Back
 JDM  Vol.8 No.4 , November 2018
The Effect of Cortex Lycii on Rattus norvegicus’ Blood Glucose Level Using a High Glucose Diet
Abstract: One of the primary problems in the United States is diabetes. Cortex Lycii is an herb from Asia mostly used in traditional Chinese medicine. Although its main purpose is not for lowering blood glucose levels, there are studies on Cortex Lycii with other substances which have proven it can lower glucose level in type 2 diabetes rat. Unlike other experiments, this experiment only used Cortex Lycii as a single unit to see if there was any effect on blood glucose level. Also an observation was done on if Cortex Lycii could reduce blood glucose level after ingesting a high glucose diet. Rattus norvegicus was used in this project and in order for the subject to consume Cortex Lycii, the herb was boiled and the liquid was given for consumption. In order to increase the rats’ glucose levels, corn syrup and white sugar were added to the mixture. The data showed significant decrease of blood glucose when Cortex Lycii liquid was ingested. This research has shown that Cortex Lycii can be a potential treatment for hyperglycemia or diabetes. With further research, there can be an alternative treatment rather than injecting external hormones (Insulin).

1. Introduction

Currently, diabetes is one of the top 10 causes of leading deaths in United States. The most common sign of having diabetes is hyperglycemia. Hyperglycemia is described as having abnormally high blood glucose level. Over time, having hyperglycemia can lead to organ damage. The reason behind type 2 diabetes and hyperglycemia is the body not producing enough insulin for glucose intake. When human takes foods, the foods are broken down into glucose. When glucose enters the bloodstream, the pancreas secretes insulin to keep the glucose level down. Insulin is a hormone that signals the cells that lack energy to accept glucose into their cell wall. When not enough insulin hormones are produced, glucose is unable to diffuse cells and causes the bloodstream to have high levels of glucose. Since the cells are not getting enough glucose, they are weakened. Blood glucose level can be tested using a glucometer. Small amounts of blood can be collected using a lance and a test strip. The current treatment for hyperglycemia is injecting insulin into bloodstream.

This study has the potential to find alternative treatment for hyperglycemia to combat diabetes. Using Rattus norvegicus as test subject is the most efficient way to test a treatment without using human as test subjects. Giving rats a high glucose diet will cause them to have hyperglycemia. Then feeding them cortex lycii liquid and comparing it with the control group without cortex lycii will show the effects of cortex lycii on blood glucose. Rat’s blood can also be tested using human glucometer. If rats from the experimental group show lower glucose level than the control group when both of them consume high glucose diet, then it will prove Cortex Lycii can stimulate higher insulin production.

This experiment was designed to find an alternative treatment for hyperglycemia. The findings from this experiment can be followed up with further studies on diabetes. Another objective of this study was to observe the effect of high glucose diet on Rattus norvegicus. Since many researches have found the connection between unhealthy diets with diabetes, this experiment could show cortex lycii having a diabetes prevention effect. Last objective of this study was to observe if there are side effects of using cortex lycii. Based on other research, this herb has shown no side effects [1] .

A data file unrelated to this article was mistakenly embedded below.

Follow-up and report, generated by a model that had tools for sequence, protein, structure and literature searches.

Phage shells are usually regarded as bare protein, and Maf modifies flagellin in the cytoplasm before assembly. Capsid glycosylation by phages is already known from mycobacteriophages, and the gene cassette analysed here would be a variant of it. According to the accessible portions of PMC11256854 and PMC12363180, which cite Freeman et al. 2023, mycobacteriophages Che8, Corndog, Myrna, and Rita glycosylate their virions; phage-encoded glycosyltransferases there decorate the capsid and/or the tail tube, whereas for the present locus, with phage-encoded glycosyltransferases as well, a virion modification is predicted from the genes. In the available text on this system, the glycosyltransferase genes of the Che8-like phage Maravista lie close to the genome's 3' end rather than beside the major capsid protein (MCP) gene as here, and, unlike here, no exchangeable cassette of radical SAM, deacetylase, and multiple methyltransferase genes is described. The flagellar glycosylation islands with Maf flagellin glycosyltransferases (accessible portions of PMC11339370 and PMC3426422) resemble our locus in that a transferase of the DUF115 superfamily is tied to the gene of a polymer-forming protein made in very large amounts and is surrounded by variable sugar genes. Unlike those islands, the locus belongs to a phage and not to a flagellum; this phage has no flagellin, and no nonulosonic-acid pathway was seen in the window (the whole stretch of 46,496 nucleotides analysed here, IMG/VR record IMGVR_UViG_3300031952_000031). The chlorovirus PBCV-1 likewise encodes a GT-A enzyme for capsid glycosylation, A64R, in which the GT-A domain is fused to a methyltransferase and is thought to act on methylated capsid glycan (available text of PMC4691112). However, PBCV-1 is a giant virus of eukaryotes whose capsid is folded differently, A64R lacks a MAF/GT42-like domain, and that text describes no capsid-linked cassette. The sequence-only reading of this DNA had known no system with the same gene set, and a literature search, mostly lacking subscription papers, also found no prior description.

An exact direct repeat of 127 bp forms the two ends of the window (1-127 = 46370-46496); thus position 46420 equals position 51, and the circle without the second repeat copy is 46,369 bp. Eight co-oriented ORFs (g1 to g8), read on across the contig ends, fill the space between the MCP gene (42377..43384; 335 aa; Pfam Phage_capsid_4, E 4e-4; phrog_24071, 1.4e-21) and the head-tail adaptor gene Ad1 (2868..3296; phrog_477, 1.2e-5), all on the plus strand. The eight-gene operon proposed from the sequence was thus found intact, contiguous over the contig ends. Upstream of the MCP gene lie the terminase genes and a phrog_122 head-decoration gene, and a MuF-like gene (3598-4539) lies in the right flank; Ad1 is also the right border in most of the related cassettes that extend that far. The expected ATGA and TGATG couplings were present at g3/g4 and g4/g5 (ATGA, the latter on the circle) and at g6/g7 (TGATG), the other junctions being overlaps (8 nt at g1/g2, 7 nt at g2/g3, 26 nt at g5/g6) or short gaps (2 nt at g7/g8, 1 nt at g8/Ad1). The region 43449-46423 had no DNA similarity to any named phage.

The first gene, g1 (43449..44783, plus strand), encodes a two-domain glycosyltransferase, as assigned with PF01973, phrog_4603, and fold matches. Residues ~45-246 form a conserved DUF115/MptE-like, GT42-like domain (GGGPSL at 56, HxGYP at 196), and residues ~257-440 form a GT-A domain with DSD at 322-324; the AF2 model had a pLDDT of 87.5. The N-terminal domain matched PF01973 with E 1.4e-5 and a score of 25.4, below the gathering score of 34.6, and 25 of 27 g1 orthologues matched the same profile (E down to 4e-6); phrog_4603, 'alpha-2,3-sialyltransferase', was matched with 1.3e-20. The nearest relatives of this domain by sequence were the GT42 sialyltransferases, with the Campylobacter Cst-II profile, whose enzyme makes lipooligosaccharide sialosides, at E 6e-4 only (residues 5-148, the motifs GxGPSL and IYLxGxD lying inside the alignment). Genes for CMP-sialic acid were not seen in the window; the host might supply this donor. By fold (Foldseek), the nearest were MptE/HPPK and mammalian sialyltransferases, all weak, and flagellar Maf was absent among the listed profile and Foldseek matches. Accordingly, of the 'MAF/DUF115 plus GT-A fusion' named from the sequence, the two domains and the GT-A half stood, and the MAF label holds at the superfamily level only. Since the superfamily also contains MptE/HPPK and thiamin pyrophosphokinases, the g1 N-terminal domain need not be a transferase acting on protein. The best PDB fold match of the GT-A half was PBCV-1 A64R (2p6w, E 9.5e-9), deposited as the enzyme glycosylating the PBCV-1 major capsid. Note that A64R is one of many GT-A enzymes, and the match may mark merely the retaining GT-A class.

2. Materials

3. Methodology

3.1. Blood Testing

1) Use alcohol wipes to disinfect the tail of the rat.

2) Use lancet to prick a small visible amount of blood from the rat’s tail.

3) Use test strip to collect the blood sample and wait for the glucometer to give a reading.

4) Repeat the blood test for all 8 rats.

5) Record down the data for each group of 4 rats.

6) Compare the blood glucose level of Cortex Lycii group with the normal water group.

7) Repeat for 3 trials.

3.2. Feeding

1) Soak 50 grams of Cortex Lycii in 1 liter of water for 10 minutes, then boil for 30 minutes.

2) After Cortex Lycii liquid cool down to room temperature, it is poured into 580 mL water bottle mixed in with sugar and high fructose corn syrup.

3) For experimental group, the Cortex Lycii bottle is given to 4 Rattus norvegicus along with their 3 pellets/animal of food.

4) For control group, the other 4 Rattus norvegicus are given normal water with sugar and syrup along with the same food.

5) Wait for 2 days for food consumption.

6) For trial 1 only 25 grams of syrup was given. For trial 2 and 3, 25 gram of syrup and 25 gram of sugar was given.

7) Compare the rise in blood glucose when higher glucose diet was given.

3.3. Literature Review

Currently based on statistics provided by the CDC (National Center for Chronic Disease Prevention and Health Promotion), more than 30.3 million Americans have diabetes which is more than 9% of the population [2] . In an experiment conducted on Diabetes epidemic by Mokdad, Bowman, Ford, Vinicor, Marks and Koplan, it was explained that diabetes is one of the leading causes of death in the United States. The two types of diabetes (type 1 and type 2) both can be treated with insulins [3] . They have similar results on the body, however, type 2 diabetes can be caused by weight gain and physical inactivity [4] . Physical inactivity is defined as not getting recommended level of physical exercises. The β-cell apoptosis occurs when the body becomes inactive. However, type 1 is mostly inherited through genetic [5] . Based on a research on type 2 diabetes, the amount of patients is expected to double by 2030 [6] .